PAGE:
Oprah has a section in her magazine called “What I know for sure” (something like that). Every month she reflects on her most recent life lessons and narrows it down to what she can say she knows “for sure.” And it got me thinking; what do I *know* for sure? Believe it or not, it’s a much harder question than I anticipated – especially when I’m in such an intense process of undoing, unlearning, and unknowing.
Here’s what I’ve boiled it down to:
I know that self-love is not just about accepting our “flaws” or “humanity” – it’s also about acknowledging and allowing our power – our Being – to simply BE. In fact, my most “god-like” moments have little to do with altruism or grand demonstrations of love. Rather, the moments I feel the most content and in love with life is when I’m allowing what I feel inside to be what I express on the outside – and it changes all the time! Being authentic – allowing exactly what I am to matter – to be, and to show. The fact that these moments are standing out with such profound clarity is a deep indication of how much of my life I’ve spent being inauthentic, for the motivation of being more loved, more accepted, more likeable.
What a prison.
The truth is, I don’t know. I feel unsure. I feel elated. I feel powerful. I feel beautiful. I feel invincible. I feel vulnerable. I feel like I DO know. And rather than qualifying these passing feelings to definition, I’m simply allowing myself to be a contradiction. I find the more I embrace my inner paradox, the less ambiguous I become.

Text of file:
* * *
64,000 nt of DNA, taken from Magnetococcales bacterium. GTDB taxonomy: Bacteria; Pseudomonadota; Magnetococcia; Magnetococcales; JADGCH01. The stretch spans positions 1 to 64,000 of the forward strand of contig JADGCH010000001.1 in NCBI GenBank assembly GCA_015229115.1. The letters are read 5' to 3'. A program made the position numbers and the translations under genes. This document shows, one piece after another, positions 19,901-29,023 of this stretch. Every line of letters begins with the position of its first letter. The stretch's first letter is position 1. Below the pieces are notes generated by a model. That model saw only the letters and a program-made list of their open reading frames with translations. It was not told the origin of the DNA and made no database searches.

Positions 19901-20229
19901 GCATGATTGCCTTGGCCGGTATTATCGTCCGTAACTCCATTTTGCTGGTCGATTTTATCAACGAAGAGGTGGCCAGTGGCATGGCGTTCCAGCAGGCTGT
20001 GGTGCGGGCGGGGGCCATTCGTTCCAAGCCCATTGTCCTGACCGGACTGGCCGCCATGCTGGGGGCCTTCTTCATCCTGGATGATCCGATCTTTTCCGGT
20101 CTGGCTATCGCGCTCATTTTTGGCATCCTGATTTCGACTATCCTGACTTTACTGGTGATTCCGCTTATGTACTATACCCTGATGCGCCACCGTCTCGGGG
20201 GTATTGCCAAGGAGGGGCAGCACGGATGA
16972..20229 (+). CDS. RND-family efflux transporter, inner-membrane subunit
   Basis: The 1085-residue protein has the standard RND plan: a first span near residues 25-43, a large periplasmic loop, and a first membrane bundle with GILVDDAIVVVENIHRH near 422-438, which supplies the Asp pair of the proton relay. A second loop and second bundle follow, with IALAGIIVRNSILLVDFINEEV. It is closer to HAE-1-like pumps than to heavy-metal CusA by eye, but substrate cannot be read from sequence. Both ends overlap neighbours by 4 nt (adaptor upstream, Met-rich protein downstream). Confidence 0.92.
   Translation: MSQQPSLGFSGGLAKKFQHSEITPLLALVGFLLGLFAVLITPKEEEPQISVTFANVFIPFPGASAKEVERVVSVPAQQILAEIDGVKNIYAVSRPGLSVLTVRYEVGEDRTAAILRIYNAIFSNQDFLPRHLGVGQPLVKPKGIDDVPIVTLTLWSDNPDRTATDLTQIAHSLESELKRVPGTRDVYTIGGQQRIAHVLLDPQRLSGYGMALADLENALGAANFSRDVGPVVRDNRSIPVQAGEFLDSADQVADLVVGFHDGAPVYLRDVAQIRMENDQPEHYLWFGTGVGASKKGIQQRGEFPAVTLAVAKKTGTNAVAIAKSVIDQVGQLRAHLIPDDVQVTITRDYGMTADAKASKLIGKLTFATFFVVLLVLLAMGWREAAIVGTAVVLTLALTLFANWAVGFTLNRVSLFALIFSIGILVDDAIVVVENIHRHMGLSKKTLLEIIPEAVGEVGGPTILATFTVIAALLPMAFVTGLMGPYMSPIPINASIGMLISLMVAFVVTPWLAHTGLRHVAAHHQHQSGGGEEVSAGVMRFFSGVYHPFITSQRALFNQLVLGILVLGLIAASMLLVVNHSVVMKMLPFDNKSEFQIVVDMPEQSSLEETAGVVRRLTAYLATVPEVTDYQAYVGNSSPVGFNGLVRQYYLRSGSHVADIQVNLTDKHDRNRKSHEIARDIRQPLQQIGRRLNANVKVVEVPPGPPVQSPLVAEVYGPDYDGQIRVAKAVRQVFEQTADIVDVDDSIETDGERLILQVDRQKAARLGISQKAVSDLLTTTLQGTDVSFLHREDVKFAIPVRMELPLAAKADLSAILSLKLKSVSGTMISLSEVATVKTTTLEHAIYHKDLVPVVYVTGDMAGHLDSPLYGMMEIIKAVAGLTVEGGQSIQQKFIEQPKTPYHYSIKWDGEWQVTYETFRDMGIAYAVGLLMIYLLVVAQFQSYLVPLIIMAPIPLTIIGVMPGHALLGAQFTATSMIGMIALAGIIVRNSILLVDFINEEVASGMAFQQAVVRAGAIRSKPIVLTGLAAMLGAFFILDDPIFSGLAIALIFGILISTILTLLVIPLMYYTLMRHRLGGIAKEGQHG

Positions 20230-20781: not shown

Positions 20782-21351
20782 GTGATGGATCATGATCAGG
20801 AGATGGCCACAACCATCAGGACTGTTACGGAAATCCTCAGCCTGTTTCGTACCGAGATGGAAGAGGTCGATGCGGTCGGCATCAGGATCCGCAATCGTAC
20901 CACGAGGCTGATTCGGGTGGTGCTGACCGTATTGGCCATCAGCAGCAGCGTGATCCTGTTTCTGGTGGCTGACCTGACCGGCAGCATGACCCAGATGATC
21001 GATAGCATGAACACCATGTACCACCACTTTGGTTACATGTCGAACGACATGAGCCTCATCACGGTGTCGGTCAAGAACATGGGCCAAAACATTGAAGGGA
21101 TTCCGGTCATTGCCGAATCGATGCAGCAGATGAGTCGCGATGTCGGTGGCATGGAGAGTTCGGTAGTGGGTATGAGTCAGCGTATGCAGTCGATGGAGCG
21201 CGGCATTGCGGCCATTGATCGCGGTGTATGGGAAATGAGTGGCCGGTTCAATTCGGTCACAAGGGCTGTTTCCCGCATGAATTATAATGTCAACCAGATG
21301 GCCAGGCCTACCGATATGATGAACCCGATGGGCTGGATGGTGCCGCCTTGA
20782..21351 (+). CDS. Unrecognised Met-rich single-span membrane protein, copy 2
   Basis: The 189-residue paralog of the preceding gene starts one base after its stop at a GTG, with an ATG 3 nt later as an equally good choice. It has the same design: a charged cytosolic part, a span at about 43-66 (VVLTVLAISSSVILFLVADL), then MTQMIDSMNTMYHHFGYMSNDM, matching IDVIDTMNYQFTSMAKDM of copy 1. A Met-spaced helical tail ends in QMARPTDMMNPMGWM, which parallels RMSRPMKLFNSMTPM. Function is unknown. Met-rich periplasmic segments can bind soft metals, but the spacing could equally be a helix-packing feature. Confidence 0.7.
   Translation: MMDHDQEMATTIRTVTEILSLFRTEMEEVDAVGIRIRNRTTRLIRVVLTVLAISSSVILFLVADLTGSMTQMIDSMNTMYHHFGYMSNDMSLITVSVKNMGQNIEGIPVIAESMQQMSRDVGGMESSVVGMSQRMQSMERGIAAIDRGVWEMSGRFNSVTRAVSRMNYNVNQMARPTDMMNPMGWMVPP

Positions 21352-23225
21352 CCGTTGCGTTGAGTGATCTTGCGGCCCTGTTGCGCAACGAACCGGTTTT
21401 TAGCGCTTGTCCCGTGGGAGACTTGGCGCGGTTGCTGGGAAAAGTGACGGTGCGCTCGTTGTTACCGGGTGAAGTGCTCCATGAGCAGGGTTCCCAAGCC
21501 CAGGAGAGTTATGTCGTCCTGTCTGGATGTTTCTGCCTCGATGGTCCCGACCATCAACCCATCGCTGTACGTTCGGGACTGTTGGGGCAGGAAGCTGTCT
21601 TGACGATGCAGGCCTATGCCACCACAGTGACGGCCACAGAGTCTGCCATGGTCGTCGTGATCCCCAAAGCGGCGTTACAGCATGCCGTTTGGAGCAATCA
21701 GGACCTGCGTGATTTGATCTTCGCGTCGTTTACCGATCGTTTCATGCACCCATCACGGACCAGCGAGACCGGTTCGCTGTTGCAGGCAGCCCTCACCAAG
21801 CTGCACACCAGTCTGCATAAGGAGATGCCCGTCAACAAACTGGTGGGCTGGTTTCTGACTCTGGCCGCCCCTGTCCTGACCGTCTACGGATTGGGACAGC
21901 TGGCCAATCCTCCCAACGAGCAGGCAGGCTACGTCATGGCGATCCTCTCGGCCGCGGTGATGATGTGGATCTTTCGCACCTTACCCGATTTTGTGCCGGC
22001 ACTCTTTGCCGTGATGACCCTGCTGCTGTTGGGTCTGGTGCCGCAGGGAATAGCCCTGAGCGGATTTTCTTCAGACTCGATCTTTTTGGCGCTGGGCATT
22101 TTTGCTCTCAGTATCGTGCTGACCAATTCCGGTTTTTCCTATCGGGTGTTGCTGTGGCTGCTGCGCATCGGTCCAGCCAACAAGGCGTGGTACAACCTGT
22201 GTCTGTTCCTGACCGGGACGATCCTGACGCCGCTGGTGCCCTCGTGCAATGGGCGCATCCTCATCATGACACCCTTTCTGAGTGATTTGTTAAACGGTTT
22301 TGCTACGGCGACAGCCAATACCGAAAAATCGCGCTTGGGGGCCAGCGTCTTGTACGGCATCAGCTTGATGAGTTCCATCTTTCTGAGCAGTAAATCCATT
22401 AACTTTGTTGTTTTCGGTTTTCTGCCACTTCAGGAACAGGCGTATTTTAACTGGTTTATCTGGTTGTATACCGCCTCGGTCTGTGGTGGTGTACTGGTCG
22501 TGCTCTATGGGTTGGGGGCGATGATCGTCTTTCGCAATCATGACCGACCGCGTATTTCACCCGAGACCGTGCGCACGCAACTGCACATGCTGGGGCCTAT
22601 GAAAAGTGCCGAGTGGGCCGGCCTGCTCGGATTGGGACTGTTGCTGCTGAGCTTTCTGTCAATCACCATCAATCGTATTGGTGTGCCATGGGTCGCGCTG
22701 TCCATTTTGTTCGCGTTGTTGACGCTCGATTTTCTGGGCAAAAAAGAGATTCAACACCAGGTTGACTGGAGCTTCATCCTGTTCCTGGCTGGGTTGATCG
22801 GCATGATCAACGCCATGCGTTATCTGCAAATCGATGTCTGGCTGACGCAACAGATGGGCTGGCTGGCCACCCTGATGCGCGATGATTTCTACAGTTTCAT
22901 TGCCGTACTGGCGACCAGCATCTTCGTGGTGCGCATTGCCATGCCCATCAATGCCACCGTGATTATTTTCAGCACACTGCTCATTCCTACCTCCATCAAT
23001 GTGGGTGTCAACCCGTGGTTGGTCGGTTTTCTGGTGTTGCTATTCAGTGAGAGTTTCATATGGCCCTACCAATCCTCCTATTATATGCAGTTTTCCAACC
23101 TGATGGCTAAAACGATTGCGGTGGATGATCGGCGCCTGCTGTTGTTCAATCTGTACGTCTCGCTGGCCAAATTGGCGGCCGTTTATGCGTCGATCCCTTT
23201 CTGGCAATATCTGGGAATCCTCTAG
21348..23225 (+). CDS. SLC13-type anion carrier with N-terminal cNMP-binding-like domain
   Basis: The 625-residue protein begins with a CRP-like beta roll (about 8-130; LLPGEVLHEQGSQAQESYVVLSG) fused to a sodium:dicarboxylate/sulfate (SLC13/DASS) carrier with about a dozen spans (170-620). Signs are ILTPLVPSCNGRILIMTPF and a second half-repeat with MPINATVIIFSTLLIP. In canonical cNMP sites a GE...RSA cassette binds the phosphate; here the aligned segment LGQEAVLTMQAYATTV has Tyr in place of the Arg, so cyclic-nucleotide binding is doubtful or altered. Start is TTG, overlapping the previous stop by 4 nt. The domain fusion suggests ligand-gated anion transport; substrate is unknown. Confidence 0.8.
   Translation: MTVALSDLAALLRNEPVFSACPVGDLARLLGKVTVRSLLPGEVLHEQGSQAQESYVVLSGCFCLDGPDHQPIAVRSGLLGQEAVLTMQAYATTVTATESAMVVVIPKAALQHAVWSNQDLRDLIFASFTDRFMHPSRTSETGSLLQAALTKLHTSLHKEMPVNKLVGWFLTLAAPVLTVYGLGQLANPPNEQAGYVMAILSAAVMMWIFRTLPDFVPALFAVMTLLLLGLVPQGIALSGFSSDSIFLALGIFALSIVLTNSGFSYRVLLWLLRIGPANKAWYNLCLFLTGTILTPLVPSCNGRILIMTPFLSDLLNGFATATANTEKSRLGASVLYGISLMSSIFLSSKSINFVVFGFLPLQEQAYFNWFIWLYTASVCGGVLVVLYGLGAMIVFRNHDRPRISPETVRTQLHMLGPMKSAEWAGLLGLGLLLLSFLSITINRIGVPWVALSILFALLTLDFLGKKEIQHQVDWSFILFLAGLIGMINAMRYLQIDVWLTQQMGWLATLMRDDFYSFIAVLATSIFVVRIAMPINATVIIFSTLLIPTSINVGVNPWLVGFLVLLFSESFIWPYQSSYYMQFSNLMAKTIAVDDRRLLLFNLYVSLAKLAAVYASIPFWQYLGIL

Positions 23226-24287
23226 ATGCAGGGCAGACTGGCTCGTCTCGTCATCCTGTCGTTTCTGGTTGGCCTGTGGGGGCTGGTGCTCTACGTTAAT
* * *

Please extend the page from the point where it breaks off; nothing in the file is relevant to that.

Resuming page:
When I really think about it, the biggest lie I use to tell was how insecure or weak I felt. I told that lie a lot – because I thought it made me more likable. Somewhere along my journey I got the message that to be confident about myself was prideful. Or to do/write/be where I authentically resonated was unacceptable, intolerable, or unpalatable. In the confusion of trying to be acceptable, I forgot what it meant to be. That’s when I started to lie. And it seemed to work. People seemed to enjoy or feel disarmed by my self-depreciating tendencies, to the extent that I made it a huge part of my personality.. But it never really felt good to me. And what I’m learning is, it wasn’t fair to my relationships. Living a lie may feel more polite, but on an energetic level, it’s barbaric.
So here’s what I know for sure: I don’t want to lie anymore.
I’ve stopped pretending to be anything other than what I am. Sometimes I feel small and insignificant, but mostly, when I’m really honest, I feel/see how immense and powerful I am. That I can be significant and insignificant simultaneously is awe-inspiring. And what’s most surprising to discover is, I really like myself. I’ve spent so much time believing to hate myself was the more righteous thing to do, that I never realized I was fighting against my most basic nature, which is love. I actually love myself.
I like that I’m a walking paradox. I like that I’ve tried and failed a million times. I like that I can throw a fit when things aren’t going well because I know deep down life is MEANT to be lived awake and aware. I like that I allow my vulnerability to be seen and still take care to give my heart what it needs. But most of all, I like that I’m human. People typically associate “humanness” with being weak or flawed, but I see it as the most badass modality for expressing many truths, and failing all of them simultaneously. How ingenious of us! This experiment is working well.
So here’s to being human, to not knowing (and sometimes not even caring) what “the truth” is. I just know that I Am. And that’s enough.